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HEALTH-RIGHTS: Patent Battle Over Sex Pill

Estrella Gutierrez

CARACAS, Apr 5 1999 (IPS) - A legal battle between local and transnational drug companies over the anti-impotency pill “Viagra” has moved into Venezuala’s Supreme Court of Justice.

Venezuelan companies are ready to reproduce the drug that, in the past year, has revolutionised the global pharmaceutical market. The cite a 1995 law which declares that, as a rule, products in the sexual dysfunction area of the health sector cannot be patented.

However the Autonomous Service of Intellectual Property (SAPI), the highest authority on the issue, has granted patent rights to Viagra to the transnational concern “Pfizer”, the manufacturers of the drug.

The fight over Viagra was highlighted by the newspaper “El Nacional” as part of a wider struggle between national and foreign companies, which also affects the Andean Community, the trade bloc to which this country belongs.

The First Court of Administrative Disputes accepted a lawsuit from a local laboratory last month for nullification of the patent granted by SAPI to Pfizer, whose stock went up 60 percent in 1998 when it introduced Viagra on the US market.

Local laboratories have used a traditional two-pronged strategy of promoting market protection from foreign competition while seeking to keep the sector free of patents.

Six Venezuelan-owned laboratories brought legal actions for the right to manufacture male anti-impotency products with the same active ingredient as Viagra, called pirazolopirimidon.

They also requested permission from health authorities to sell their “copies” on the domestic market, under brand names like “Sildenafil” and “Viasek” — much less evocative than the combination of the words “vigor” and “Niagara” (Falls), with which Pfizer baptised its pill.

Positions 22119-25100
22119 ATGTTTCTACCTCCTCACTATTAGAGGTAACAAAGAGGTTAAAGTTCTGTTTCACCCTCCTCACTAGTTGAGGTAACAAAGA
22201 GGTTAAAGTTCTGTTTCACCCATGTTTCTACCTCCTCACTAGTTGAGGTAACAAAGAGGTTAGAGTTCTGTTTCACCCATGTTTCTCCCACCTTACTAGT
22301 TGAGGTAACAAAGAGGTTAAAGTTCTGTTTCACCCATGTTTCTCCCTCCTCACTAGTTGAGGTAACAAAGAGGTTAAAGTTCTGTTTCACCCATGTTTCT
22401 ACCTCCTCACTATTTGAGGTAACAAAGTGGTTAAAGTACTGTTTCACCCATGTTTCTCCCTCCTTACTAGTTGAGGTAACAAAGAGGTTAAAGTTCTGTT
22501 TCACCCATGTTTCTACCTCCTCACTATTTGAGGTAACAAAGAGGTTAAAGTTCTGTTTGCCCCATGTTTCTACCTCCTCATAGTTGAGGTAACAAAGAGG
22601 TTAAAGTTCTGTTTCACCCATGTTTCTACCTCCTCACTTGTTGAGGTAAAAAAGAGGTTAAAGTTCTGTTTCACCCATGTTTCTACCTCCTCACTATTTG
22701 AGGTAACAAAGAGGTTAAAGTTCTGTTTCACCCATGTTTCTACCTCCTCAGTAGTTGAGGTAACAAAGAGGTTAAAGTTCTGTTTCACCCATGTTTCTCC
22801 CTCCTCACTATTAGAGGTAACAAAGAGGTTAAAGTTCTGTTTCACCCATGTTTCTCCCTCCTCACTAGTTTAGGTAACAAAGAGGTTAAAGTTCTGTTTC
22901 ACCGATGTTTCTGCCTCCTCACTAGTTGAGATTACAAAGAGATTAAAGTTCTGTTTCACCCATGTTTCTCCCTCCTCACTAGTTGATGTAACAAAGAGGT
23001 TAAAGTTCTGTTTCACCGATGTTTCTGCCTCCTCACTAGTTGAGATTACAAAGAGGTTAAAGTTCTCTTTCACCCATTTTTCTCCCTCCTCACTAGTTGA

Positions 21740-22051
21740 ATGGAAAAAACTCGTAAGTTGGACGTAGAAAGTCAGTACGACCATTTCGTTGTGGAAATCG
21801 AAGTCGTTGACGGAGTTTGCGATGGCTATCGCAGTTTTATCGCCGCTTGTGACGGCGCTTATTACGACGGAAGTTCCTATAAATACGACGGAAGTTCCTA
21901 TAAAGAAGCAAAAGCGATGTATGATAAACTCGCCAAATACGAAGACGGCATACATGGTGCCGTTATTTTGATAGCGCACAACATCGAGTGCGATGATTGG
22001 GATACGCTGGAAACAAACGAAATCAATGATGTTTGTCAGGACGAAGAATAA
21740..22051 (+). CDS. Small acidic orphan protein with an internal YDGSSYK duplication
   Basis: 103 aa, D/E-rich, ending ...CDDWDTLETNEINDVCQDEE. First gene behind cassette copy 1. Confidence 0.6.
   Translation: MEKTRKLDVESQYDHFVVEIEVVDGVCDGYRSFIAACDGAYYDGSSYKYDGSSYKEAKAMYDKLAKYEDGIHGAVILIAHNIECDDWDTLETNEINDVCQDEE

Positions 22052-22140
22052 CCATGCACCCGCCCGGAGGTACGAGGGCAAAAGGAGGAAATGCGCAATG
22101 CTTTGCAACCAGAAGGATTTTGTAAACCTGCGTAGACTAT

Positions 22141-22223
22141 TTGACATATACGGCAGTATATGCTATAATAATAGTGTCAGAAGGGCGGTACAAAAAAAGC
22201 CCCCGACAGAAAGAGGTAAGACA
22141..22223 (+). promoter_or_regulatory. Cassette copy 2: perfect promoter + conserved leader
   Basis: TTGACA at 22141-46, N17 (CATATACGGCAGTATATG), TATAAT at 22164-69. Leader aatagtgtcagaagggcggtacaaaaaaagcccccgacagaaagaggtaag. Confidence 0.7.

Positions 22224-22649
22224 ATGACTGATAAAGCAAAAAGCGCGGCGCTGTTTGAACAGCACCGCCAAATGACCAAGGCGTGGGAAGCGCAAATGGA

The local “copies” will cost 50 to 70 percent less than Viagra which sells at around 10 dollars a pill.

Pfizer, which has not confronted obstacles to obtaining a patent in other countries, warned that it will exhaust every legal remedy to prevent Venezuela from becoming the starting point for the “cloning” of Viagra, which would erode its control.

The director of the Chamber of Venezuelan Laboratories, Milagro Ladera, elaborated that in fact, the laboratories did not face any impediments in manufacturing the drug, other than obtaining the permission of local health authorities, a very slow process due to red tape.

Ladera argued that Venezuelan law is very clear in exempting medicines from the patent regime, based on the public interest and as a way of containing the rising costs of medicine — in practice, a total failure.

But in reality, drug patents are being granted in the Register of Industrial Property of SAPI, pointed out Francisco Allende, director of the chamber of transnational laboratory affiliates.

“The Register accepted at least 230 pharmaceutical patents and there are many others being applied for,” since 1994, when the Andean Community established a common regimen for industrial property, he indicated.

The director of SAPI, Francisco Astudillo, based his decision in favor of Pfizer on that regimen, which has compulsory application in member countries, according to the Andean Tribunal. The other Andean members are Bolivia, Colombia, Ecuador and Peru.